By Stuart Rothenberg
After every election, I offer a list of the best and worst, the most and the least. I started doing that the other day, but I ended up filling an entire column with a single category: The Worst Self-Inflicted Wound of 2006.
I will get back to a more exhaustive list of the best and worst campaigns and candidates before the end of the year, but since there were so many self-inflicted wounds this election cycle, I figure I might as well devote an entire column to the nominees, as well as to my logic in picking a winner.
So, without further DeLay, uh, I mean delay, here are the nominees this year:
Don Sherwood (R-Pa.)
Bob Ney (R-Ohio)
George Allen (R-Va.)
John Kerry (D-Mass.)
John Sweeney (R-N.Y.)
Mark Foley (R-Fla.)
I know, I know. This is an impossible choice. How can anyone choose from among these all-time, self-inflicted screw-ups? All of the nominees would be worthwhile winners, and in any other year any of them could have taken home the award. But, alas, life isn’t fair, and I have to choose a single winner for ’06.
I’m eliminating Foley right away, since his self-inflicted wound actually occurred well before his abortive re-election bid and over an extensive period of time, though it came to light only during his campaign. His problem was a series of wounds, not a single one, and frankly, I don’t even want to spend time thinking of the things that Foley wanted to do.
Ney’s problems also occurred over an extended period, though they obviously impacted his race for re-election. I guess we could call that golf trip to Scotland a decisive event, but it occurred in 2002. So, like Foley, he gets a pass.
That leaves four. The problem with Sherwood is that I’m not sure whether he had a self-inflicted wound or he inflicted a wound on his girlfriend. I am not sure whether we are talking about a single act or two, whether having a girlfriend (along with a wife) and allegedly (note my legal disclaimer) trying to choke her are two self-inflicted wounds or two parts of a single wound. Since Sherwood admits to one but not the other, he seems to come down on the side of the two separate incidents. Who am I to argue? He’s off the hook.
Sweeney is in a bit of the same situation as Sherwood. Obviously, the suggestion that the New York Republican got into a physical scuffle with his wife damaged Sweeney’s re-election prospects. But was that photograph of him drinking with college students necessary for the second alleged personal scandal to lead to his defeat? If so, then it was the two scandals together that cost Sweeney his seat, not a single self-inflicted wound. I’m afraid I have to drop him from contention.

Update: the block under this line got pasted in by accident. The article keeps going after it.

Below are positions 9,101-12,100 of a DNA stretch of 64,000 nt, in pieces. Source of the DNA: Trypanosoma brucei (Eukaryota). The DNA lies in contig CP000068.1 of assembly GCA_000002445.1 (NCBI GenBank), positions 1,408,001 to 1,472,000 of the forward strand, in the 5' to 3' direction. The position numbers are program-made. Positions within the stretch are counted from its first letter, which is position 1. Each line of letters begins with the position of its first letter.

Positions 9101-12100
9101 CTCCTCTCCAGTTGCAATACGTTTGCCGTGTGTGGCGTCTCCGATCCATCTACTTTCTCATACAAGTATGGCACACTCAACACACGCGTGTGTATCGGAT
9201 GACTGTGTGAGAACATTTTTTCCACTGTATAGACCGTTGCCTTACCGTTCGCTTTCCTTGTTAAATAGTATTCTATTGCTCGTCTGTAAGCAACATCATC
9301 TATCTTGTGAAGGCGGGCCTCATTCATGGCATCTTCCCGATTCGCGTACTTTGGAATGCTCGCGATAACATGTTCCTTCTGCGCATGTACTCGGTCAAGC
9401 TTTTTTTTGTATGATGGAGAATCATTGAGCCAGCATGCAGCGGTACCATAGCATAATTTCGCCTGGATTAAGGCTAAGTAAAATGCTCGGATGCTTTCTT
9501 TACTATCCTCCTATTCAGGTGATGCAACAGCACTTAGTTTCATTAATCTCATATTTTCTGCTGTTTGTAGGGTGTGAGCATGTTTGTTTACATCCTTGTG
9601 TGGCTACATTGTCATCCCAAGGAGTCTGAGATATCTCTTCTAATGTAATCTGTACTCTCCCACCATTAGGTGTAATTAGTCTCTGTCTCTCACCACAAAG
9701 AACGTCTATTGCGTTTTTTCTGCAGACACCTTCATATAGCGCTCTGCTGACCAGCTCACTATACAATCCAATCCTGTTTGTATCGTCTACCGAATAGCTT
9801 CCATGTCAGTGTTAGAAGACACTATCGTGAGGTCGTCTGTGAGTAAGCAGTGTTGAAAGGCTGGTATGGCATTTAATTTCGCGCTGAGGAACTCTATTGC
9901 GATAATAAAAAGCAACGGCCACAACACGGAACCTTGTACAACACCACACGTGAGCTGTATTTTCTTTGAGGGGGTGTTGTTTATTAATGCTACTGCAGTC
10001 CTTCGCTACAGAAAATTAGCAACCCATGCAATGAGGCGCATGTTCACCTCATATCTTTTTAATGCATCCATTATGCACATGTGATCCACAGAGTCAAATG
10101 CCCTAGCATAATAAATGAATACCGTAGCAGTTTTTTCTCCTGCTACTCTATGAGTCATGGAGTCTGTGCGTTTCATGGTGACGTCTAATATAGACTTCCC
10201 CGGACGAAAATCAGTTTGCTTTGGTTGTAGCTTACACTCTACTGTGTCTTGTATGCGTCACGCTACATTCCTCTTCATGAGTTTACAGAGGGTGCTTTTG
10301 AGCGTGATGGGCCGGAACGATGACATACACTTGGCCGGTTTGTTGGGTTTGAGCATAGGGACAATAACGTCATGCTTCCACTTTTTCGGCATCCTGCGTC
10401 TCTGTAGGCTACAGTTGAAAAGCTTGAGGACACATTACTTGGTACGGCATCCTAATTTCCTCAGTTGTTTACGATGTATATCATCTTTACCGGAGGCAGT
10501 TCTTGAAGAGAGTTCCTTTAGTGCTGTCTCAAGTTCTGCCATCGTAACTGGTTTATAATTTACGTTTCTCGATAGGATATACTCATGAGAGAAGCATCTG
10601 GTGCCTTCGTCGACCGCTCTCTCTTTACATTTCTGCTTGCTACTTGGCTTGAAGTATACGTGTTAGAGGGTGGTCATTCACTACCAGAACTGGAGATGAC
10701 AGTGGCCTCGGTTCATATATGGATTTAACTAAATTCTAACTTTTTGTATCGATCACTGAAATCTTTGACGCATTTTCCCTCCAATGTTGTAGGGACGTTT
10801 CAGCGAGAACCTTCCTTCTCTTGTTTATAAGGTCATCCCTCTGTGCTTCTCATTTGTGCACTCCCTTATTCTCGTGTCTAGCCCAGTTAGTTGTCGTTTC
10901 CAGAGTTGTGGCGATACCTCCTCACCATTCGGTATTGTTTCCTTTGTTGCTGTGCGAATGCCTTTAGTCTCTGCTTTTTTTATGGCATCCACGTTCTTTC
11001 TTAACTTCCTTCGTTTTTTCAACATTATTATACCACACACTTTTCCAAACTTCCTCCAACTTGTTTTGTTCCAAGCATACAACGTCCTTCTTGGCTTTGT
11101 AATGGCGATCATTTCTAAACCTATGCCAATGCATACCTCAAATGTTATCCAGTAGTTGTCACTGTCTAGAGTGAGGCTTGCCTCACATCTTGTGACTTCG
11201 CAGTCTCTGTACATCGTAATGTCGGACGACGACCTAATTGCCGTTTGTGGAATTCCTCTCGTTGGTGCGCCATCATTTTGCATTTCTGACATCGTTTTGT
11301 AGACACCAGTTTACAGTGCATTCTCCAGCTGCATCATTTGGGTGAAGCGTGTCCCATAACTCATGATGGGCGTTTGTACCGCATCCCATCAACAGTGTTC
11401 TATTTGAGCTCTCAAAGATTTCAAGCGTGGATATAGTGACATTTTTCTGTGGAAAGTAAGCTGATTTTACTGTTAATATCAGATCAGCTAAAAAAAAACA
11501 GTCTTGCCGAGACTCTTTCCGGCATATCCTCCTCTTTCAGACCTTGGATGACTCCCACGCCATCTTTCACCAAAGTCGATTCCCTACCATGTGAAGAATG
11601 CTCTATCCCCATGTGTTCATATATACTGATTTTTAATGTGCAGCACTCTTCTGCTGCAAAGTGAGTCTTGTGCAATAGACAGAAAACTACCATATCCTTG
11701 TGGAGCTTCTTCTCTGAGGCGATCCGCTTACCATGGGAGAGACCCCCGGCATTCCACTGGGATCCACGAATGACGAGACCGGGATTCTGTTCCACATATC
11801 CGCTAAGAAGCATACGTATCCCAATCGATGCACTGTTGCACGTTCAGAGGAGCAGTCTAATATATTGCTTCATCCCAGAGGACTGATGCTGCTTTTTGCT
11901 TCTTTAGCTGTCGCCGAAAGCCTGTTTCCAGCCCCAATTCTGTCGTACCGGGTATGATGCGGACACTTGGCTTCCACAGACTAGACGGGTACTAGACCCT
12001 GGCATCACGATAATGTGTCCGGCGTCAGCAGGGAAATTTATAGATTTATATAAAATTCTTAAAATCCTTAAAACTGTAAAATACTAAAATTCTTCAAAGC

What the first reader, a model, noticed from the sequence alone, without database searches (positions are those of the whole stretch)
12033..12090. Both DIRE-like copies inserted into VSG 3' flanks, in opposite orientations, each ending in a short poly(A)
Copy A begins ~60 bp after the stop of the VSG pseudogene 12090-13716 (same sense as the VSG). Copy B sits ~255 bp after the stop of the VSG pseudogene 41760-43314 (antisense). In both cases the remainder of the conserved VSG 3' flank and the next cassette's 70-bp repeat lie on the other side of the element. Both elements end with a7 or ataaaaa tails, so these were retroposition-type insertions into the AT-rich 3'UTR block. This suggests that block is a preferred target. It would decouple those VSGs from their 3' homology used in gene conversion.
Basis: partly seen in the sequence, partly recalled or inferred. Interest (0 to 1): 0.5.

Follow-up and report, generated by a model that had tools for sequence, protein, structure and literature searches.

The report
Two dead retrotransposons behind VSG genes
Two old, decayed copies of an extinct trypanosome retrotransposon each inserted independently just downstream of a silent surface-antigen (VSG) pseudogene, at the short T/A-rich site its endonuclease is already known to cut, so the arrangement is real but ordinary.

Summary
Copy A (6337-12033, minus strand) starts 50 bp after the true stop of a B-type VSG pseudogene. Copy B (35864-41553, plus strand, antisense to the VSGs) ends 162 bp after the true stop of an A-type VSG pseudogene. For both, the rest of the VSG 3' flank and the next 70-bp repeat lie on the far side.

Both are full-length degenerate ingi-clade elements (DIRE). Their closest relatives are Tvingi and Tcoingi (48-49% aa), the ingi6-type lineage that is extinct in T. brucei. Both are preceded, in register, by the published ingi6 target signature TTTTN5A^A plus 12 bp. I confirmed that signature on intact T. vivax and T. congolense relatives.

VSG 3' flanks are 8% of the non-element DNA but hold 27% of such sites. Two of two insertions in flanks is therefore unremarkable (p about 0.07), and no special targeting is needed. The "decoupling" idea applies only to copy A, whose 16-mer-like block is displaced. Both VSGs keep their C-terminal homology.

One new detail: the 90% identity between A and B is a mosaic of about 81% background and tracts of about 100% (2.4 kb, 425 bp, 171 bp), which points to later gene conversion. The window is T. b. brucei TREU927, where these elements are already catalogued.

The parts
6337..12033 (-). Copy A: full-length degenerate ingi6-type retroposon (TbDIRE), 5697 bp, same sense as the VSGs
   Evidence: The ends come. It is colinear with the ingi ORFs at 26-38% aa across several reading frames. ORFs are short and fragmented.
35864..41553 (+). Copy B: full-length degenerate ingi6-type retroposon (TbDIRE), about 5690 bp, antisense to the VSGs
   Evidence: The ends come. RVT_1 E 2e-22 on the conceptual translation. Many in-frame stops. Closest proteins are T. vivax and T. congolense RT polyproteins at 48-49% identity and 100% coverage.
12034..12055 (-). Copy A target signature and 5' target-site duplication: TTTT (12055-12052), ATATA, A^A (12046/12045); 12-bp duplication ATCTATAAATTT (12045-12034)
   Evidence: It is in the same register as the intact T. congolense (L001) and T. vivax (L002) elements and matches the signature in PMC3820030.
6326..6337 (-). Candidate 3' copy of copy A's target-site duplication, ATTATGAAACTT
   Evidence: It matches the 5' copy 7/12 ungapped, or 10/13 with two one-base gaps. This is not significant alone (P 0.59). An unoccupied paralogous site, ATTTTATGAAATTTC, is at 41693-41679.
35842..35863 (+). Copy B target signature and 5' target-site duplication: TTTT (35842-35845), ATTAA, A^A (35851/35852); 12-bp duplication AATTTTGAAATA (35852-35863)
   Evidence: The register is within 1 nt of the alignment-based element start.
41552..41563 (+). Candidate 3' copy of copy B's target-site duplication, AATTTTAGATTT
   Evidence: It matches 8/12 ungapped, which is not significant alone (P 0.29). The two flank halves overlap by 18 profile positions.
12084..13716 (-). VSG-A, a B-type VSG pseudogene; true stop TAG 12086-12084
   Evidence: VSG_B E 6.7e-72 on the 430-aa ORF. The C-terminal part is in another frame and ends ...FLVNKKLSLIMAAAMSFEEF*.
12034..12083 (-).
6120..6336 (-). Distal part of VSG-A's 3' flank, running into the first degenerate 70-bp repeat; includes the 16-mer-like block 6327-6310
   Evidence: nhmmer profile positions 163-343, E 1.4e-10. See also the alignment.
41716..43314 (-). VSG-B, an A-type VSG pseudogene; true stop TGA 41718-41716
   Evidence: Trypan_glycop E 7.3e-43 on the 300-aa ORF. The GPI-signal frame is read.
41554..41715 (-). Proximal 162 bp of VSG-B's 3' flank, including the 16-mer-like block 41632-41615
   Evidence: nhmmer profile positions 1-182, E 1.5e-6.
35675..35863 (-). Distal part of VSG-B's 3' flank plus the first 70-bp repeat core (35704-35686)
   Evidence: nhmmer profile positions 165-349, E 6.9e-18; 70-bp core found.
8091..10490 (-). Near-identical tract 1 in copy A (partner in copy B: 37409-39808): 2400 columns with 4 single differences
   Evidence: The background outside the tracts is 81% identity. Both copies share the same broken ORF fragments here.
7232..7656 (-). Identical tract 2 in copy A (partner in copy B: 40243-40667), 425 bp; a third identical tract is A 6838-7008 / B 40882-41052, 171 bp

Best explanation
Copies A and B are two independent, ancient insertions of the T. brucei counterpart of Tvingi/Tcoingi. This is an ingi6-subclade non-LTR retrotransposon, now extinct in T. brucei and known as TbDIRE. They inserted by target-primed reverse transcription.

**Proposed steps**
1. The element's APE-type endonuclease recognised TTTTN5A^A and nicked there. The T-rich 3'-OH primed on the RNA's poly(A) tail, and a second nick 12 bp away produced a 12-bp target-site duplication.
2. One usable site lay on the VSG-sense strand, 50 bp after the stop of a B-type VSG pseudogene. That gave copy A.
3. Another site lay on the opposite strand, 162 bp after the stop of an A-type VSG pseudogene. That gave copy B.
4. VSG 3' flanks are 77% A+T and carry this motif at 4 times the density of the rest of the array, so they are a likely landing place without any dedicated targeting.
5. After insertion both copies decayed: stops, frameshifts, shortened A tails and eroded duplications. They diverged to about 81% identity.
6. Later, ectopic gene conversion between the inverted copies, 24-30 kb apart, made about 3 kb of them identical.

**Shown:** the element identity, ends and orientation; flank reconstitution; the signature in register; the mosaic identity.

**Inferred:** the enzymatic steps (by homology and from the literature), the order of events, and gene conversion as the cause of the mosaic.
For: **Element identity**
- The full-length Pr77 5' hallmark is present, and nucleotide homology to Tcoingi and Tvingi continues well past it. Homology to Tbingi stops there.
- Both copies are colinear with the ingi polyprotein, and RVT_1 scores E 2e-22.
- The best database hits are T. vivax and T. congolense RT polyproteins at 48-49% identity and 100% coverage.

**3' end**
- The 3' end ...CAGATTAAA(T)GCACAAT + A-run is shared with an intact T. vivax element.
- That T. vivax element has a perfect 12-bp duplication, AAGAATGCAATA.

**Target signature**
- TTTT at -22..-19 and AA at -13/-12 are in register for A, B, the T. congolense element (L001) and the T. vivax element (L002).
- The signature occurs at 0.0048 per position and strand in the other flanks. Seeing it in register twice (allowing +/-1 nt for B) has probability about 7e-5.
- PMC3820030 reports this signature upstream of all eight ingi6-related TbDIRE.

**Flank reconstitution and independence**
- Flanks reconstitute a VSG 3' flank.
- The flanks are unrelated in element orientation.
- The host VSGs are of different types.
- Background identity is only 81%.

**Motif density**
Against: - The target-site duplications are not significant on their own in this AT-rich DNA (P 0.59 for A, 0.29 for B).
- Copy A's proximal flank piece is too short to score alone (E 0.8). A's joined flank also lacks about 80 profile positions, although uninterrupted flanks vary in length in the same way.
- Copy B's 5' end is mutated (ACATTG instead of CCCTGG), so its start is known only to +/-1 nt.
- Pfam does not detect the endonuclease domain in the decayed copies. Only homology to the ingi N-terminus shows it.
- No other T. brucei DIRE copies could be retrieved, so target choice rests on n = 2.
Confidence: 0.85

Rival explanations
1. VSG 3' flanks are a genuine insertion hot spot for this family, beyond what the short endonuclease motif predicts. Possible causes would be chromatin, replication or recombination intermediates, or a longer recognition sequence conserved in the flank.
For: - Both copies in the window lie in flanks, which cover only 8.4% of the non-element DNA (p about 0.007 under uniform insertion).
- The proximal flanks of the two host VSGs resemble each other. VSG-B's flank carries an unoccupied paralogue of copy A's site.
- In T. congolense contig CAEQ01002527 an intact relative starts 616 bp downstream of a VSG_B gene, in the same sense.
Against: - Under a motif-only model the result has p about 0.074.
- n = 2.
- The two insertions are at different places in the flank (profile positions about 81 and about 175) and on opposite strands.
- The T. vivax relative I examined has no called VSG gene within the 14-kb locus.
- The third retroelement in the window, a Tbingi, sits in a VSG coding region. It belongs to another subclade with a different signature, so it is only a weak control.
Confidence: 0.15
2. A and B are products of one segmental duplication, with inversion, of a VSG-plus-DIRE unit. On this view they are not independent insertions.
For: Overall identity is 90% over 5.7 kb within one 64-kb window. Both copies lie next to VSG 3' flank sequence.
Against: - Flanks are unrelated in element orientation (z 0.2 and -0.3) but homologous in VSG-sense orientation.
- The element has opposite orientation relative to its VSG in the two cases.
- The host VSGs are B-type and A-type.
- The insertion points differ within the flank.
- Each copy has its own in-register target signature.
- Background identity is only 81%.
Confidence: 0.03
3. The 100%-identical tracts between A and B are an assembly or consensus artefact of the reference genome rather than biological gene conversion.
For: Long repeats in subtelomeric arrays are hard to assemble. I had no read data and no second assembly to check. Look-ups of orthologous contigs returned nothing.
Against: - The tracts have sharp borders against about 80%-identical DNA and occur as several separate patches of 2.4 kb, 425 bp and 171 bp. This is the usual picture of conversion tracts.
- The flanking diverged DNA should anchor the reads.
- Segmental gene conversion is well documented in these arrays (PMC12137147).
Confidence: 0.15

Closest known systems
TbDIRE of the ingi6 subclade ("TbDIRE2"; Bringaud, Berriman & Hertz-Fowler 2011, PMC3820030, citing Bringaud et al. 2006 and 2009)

That leaves us with Allen and Kerry, two Senators who did their best to destroy their reputations with stupid, ill-timed comments that meet the single "wound" criterion.
Somehow, it seems only right that two Senators are battling it out for the award.
On one level, the Kerry comment about getting good grades or you’ll end up in Iraq was worse than Allen’s "macac" comment, since Kerry wasn’t even on the ballot and, as my wife pointed out, he compounded his goof by insisting that he was trying to tell a joke when he almost certainly wasn’t.
Moreover, Kerry’s comment could have not only hurt his party’s prospects in 2006, he could also have seriously derailed his own presidential hopes for ’08. Impacting two election cycles, not just one, with a single comment is a stunning achievement, even for Kerry.
Having said that, even the Massachusetts Democrat couldn’t keep his party from winning the House and the Senate. While some conservative talk radio windbags apparently got angry when I expressed doubt that Kerry’s comment would have much of an effect on the midterm elections, most voters apparently shrugged off the Massachusetts Democrat’s inept remark.
And if Kerry’s comment undermined his potential presidential bid for 2008, I doubt it hurt him very much, since his chances weren’t very good to begin with.
Allen’s :macaca" comment, on the other hand, had a profound impact. It turned a laugher of a race into a close contest. And since Democrat Jim Webb eventually won the race - thereby giving Democrats control of the Senate and unified control of Congress - the Virginia Republican not only brought about his own defeat and destroyed his once considerable chances of winning the Republican presidential nomination in 2008 but he also realigned the nation’s entire governing balance for the next two years.
Because of that jaw-dropping achievement, the award for worst self-inflicted wound must go to Allen. But it was a very close contest.
This column first appeared in Roll Call on September 20, 2006. Copyright 2006 © Roll Call Inc. All rights reserved. Reprinted with permission.
Wednesday, November 22, 2006
By Stuart Rothenberg